The competent AGCOM board can issue the following orders on the basis of the seriousness of the infringement to the website owner as well as to the ISPs involved:
1 ) selective removal order: ordering the removal of infringing content from the relevant webpage and/or of the links or trackers related to infringing contents;
2) shutdown of the website: ordering disabling access to the website. In this case the AGCOM board could ask the ISPs to redirect the website to a webpage which contains the AGCOM’s order.
In case of non-compliance with its orders, AGCOM can issue a fine ranging from EUR 10,000 to EUR 250,000 to the website owner as well as the ISPs involved.
The procedure must be concluded within 45 days starting from the receipt of the right holder notice. The AGCOM’s orders as well as the fines can be challenged before the Administrative Court of Lazio – Rome (Tribunale Amministrativo Regionale del Lazio) within 60 days starting from their issuance.
Preliminary remarks on the Regulation and Next Steps
From a preliminary analysis of the Regulation, despite what was declared by AGCOM’s members in the last months, the Regulation appears unbalanced in favor of the enforcement measures. The measures aimed at fostering the legal offer of digital works to fight online piracy are weak and likely will be ineffective.
Aside from considering AGCOM’s competence on the matter of online copyright enforcement in the prevailing Italian legislative framework – an issue that will surely be faced in the context of the public consultation – it should be noted that the proposed Regulation seems unable to adequately guarantee the rights and interests of the subjects involved in the Procedures.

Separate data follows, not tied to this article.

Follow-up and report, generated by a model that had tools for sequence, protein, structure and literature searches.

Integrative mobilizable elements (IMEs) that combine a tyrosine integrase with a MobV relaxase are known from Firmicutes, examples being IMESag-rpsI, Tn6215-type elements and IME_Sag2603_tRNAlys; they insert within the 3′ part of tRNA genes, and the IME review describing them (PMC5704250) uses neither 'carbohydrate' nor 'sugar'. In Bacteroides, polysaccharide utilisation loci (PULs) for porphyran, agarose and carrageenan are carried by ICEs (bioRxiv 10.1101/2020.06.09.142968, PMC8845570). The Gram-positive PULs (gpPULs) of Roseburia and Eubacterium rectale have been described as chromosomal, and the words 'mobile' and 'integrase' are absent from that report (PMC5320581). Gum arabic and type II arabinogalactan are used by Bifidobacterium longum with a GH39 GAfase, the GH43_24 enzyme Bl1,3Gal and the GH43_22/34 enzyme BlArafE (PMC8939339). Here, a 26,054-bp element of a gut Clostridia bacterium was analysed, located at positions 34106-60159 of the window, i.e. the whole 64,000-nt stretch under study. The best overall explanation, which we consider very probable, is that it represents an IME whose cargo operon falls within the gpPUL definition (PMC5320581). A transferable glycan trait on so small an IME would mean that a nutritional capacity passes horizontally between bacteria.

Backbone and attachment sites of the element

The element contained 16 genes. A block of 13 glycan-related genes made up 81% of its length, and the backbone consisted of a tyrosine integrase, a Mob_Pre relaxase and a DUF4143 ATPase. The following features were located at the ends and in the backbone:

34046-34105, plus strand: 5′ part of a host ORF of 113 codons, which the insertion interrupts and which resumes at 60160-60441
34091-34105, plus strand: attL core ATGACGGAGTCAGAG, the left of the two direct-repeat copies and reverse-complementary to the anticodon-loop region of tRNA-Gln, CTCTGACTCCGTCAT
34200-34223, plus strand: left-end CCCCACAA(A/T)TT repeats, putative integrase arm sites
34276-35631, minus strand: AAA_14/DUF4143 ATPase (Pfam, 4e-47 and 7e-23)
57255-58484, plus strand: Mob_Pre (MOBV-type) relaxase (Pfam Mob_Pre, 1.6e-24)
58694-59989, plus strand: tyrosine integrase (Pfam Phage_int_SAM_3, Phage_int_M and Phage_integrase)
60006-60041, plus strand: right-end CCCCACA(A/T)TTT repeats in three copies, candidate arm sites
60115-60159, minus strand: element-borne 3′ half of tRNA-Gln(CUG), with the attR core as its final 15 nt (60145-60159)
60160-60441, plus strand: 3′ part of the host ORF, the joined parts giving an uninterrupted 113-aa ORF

In particular, in connection with the ISPs – which may be completely extraneous to the infringements carried out by their users on the relevant platforms – the 3-days term provided to file a counter-notice seems excessively strict especially in connection with claims that might be very complex.
Furthermore the Regulation introduced a form of liability for linking that, in recent time, was excluded by the relevant Italian case-law. Similar concerns related to the orders that AGCOM might issue to ISPs and the website owner to the extent that the Regulation does not precisely specify when AGCOM might opt for the shutdown of the entire website (an order that can adversely affect the exercise of the fundamental freedom of business of the provider as recognized by the EU Charter of Fundamental Rights).
Given the above and other issues that arise from the proposed Regulation it is crucial that all stakeholders, from industry to academia, join the public consultation that will be an occasion to amend the Regulation with the aim to reach the fair balance between all the interests and rights of the parties involved.